Four Loyalty Cards is a series of 4 monologues written and directed by Jamie Christian. It is currently playing at The Tristan Bates Theatre.
The concept is that the four monologues are unconnected apart from a small detail – each character is in the possession of a stamped loyalty card from Café Nero, and each piece begins its story within a Café Nero branch.
For me, it was a bit like an Alan Bennett’s Talking Heads but for a 2018 audience where Grindr, selfies and spinach smoothies are part of daily life!
Each of the monologues is short at around 15 minutes long, however, each piece is engaging and, in some cases, very funny. After reviewing the pieces, I am in admiration of Christian’s ability to craft complex characters with full backstories and showcase them in such a concise way in such a small amount of time. He succeeds in creating a universe where four separate worlds collide successfully.
The way in which Christian has juxtaposed the monologues is insightful. It provides the audience with a glimpse into various sub-sections of society; more so a version that we are not familiar with ourselves. The four pieces are all very different. They are performed by actors of different genders, skin colours and ages, however, as a collective piece, Four Loyalty Cards presents its audience with a beautiful one-hour production illustrating how different people deal with loneliness and fitting-in in differing ways. Maybe a comment here on how we all cry out for acceptance and want to fit in! The real loyalty we want being from others, rather than our coffee shops!
Throughout the production, all four characters are on stage in tableau. As each person performs the others sit waiting for their time to step into the spotlight: a chair at the front of the performance space, so they can tell us their story.
Due to the performance space being very intimate, it really does feel like each character is talking to directly to me. A great device to have with small audience spaces and especially effective for monologues and soliloquies.
First up is Alwyn, performed by Blake Aidan. Alwyn is a Welsh millennial living the gay scene in London. This is a clever and enigmatic piece which allows us to dislike the characterisation of Alwyn, but also feel for him. Alwyn feels his struggle is real, maybe first-world problems are the society he lives in.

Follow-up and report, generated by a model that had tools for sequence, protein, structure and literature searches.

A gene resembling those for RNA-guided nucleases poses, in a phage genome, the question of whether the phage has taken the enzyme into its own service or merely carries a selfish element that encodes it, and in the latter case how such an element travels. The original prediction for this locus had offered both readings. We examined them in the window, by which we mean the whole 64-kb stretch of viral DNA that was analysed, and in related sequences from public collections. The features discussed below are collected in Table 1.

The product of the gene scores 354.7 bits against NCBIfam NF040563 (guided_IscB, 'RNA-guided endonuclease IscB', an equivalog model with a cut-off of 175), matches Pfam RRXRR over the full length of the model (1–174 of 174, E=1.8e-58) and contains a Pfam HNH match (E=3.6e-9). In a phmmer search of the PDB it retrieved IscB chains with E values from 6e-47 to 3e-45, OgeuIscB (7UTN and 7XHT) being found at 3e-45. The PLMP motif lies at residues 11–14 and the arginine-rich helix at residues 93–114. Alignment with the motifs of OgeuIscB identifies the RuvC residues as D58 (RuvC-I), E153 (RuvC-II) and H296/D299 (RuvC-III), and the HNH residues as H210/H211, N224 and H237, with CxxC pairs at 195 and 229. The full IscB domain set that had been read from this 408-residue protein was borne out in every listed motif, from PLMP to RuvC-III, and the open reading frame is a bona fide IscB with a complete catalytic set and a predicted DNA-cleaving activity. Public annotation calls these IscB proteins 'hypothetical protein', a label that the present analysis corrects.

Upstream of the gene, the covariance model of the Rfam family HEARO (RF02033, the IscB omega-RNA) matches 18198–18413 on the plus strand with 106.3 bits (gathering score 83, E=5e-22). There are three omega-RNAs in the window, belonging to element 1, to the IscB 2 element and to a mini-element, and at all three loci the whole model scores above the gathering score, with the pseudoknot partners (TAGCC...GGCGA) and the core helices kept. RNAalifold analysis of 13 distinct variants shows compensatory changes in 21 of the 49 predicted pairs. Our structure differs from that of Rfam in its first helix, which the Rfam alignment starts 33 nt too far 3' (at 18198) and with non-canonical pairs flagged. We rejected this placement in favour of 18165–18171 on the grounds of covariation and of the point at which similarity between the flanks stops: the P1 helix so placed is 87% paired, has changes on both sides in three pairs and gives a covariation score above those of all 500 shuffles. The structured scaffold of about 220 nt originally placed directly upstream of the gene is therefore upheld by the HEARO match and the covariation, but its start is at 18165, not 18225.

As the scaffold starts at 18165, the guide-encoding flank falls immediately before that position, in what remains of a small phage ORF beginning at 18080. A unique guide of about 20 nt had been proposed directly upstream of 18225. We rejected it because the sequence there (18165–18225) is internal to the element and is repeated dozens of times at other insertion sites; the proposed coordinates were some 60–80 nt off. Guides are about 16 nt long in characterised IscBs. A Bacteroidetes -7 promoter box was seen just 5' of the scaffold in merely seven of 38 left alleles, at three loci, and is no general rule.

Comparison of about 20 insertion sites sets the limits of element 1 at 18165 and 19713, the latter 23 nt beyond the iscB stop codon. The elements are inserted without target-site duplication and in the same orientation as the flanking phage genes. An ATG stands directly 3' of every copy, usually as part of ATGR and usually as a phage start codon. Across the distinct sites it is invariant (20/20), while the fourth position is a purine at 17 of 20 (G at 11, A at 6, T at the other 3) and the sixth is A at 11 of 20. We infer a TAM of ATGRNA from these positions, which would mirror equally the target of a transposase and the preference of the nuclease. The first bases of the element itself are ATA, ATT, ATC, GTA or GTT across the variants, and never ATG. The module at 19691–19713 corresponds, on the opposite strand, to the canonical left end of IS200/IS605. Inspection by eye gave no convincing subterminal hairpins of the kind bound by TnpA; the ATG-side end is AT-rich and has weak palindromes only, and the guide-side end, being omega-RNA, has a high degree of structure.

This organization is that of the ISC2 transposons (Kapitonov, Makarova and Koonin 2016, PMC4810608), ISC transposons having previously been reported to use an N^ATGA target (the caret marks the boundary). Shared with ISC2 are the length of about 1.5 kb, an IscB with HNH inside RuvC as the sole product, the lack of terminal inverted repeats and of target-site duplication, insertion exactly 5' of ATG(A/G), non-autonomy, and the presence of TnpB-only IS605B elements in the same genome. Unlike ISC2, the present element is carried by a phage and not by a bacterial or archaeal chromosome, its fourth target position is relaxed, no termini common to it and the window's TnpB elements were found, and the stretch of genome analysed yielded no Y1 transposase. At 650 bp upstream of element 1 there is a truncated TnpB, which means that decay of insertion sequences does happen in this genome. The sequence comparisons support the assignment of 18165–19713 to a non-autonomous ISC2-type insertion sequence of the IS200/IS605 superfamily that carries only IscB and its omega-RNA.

Next up is Body Pump with Trump – this was my favourite monologue of the four. Sheree Kane is a pure delight to watch. Kane brought her character to life beautifully. Maybe a fantasist, maybe a liar maybe a woman suffering from mental health issues – either way, I believed that her character believed every word that she was telling us. Kane’s delivery allowed us to enjoy her stories and laugh along with her.
In third place was Victoria’s Secret, an interesting piece – this is the only character in a relationship, but it appears she may be the loneliest of all our protagonists. Marissa Joseph portrayed the character of Victoria as someone who isn’t relatable, someone who appears to be more in tune with her healthy living practices than the world around her.
The final monologue is Fast Fuse performed by Danny Parsons, an all-around good guy who likes to please, someone who goes over and above to leave a good impression with those he meets, but again in his quest for connections fails to find self-satisfaction or comfort. This piece was cast particularly well, you could see the pain in Parson’s eyes as he regaled his story with his brush with Hollywood fame.
Each character that Christian created was hugely interesting and I would be keen to see any of these characters explored more in full pieces.
Review by Faye Stockley
Following on from a sold-out showcase as part of the John Thaw Initiative, Jamie Christian is proud to bring Four Loyalty Cards to the Tristan Bates Theatre. Four Loyalty Cards comprises of four monologues which are unconnected apart from a small detail – each character is in the possession of a stamped loyalty card handed out at a coffee shop – where each piece is set.
FOUR LOYALTY CARDS
Written and directed by Jamie Christian
2nd – 6th October 2018
6.15pm (2.30pm on Saturday 6th)
Running Time: 1 hour